I’ve had people tell me that “Classical music is boring and pretentious.” I strongly disagree. Actually, when I’ve been told this, I’ve asked, “What classical music have you listened to?” Typically, the person declaring that classical music is boring has rarely listened to it.
So, how do we grow a love for this source of beauty? It really isn’t hard to do at all. Here’s my method:
- Pick a composer.
- Play a piece of his music in the background during dinner or during art or quiet time.
- If anyone asks, tell them who the composer is and what piece the orchestra is playing.
- If no one asks, eventually, strike up a conversation about it or just use the composer’s name casually in conversation.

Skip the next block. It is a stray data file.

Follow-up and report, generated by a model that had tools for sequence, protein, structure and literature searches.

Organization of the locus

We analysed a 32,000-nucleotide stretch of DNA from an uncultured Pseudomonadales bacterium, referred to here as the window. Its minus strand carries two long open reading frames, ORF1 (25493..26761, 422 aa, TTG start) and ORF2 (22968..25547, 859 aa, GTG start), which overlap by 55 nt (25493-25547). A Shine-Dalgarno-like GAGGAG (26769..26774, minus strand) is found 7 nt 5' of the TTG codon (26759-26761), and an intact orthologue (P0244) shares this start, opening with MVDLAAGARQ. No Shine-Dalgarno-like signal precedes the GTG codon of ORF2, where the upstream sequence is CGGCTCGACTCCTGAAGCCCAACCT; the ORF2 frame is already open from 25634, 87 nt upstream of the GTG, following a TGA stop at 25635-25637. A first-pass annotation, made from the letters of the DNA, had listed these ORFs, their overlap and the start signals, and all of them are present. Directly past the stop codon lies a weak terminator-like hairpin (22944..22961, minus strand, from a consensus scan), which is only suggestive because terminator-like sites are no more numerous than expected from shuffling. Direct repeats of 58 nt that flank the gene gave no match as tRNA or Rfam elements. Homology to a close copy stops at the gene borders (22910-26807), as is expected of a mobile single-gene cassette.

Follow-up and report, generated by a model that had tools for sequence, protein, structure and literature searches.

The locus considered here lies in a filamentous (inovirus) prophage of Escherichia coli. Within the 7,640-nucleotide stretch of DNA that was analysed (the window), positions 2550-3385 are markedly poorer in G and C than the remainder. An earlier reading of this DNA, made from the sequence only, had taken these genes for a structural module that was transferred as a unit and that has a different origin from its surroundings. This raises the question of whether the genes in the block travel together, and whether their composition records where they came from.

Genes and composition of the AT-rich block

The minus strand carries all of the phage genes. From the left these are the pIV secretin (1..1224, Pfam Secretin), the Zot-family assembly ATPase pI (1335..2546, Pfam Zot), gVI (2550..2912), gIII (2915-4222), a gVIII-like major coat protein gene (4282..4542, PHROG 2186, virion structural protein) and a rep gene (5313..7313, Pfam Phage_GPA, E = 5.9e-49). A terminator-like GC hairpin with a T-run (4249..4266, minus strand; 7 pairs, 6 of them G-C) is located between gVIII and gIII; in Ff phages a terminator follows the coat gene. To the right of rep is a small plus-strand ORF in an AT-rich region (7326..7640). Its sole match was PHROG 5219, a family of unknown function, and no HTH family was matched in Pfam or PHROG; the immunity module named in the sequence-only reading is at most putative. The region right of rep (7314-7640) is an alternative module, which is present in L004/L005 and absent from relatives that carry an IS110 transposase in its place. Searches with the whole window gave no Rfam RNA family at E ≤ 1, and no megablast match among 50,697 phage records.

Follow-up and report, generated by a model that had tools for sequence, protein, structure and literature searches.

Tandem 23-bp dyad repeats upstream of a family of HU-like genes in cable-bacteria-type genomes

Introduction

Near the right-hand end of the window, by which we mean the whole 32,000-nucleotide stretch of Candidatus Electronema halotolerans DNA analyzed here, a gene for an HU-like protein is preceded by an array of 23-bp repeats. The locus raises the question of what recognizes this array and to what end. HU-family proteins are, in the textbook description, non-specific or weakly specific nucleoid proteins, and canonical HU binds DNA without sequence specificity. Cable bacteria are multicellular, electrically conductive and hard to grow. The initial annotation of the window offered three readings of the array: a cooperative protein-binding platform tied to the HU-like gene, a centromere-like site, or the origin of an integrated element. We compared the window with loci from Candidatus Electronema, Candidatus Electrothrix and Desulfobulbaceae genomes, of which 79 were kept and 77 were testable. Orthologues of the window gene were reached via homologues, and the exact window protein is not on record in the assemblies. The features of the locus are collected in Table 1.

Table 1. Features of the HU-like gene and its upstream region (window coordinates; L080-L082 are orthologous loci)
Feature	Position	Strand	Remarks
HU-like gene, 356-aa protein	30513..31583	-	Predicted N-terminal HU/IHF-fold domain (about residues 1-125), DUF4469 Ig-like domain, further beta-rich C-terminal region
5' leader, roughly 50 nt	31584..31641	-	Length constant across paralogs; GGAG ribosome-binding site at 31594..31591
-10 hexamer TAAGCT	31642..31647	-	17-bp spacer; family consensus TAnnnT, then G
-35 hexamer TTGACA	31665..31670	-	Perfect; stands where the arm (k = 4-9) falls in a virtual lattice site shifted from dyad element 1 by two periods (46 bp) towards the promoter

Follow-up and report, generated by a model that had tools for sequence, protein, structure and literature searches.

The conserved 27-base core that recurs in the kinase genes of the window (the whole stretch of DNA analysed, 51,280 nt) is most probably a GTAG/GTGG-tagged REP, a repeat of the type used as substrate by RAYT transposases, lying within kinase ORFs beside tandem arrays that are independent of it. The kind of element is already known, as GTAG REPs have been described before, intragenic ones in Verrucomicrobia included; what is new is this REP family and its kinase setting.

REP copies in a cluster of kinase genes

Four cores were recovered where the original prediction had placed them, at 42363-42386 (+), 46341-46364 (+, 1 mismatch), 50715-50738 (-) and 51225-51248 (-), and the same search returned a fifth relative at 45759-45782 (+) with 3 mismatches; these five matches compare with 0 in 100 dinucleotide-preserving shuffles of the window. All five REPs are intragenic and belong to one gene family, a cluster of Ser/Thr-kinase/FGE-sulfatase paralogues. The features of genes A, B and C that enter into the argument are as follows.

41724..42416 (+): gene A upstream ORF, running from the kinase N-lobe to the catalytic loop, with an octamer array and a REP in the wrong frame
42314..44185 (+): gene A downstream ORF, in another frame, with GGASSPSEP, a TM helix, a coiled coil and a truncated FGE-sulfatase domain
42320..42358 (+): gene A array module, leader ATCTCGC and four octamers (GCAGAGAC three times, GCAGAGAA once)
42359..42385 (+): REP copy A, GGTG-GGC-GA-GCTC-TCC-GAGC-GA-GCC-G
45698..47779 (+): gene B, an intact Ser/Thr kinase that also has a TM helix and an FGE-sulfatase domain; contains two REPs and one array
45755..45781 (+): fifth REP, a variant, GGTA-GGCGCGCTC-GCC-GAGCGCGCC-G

- When you are ready, change composers and start again. (We’ll change every six to twelve weeks depending on our enjoyment of the composer’s works.)
Truly, after your household is use to hearing snippets of classical music in a day, the music can become an exercise in listening, attention, and imagination. You can listen for specific instruments in the composition. You can imagine or draw the scene that the music makes you think of while you listen. You can write a story or poem describing the feeling of the music. You can read about the composer. There are thousands of options for activities. But the most important part is just listening to the beauty of the piece.
Now that you can listen to just about any piece of music on the internet, there is no barrier at all to introducing your household to the beauty of classical music. There are great suggestions for a starting point at Ambleside Online.
But for a quick start, here you go.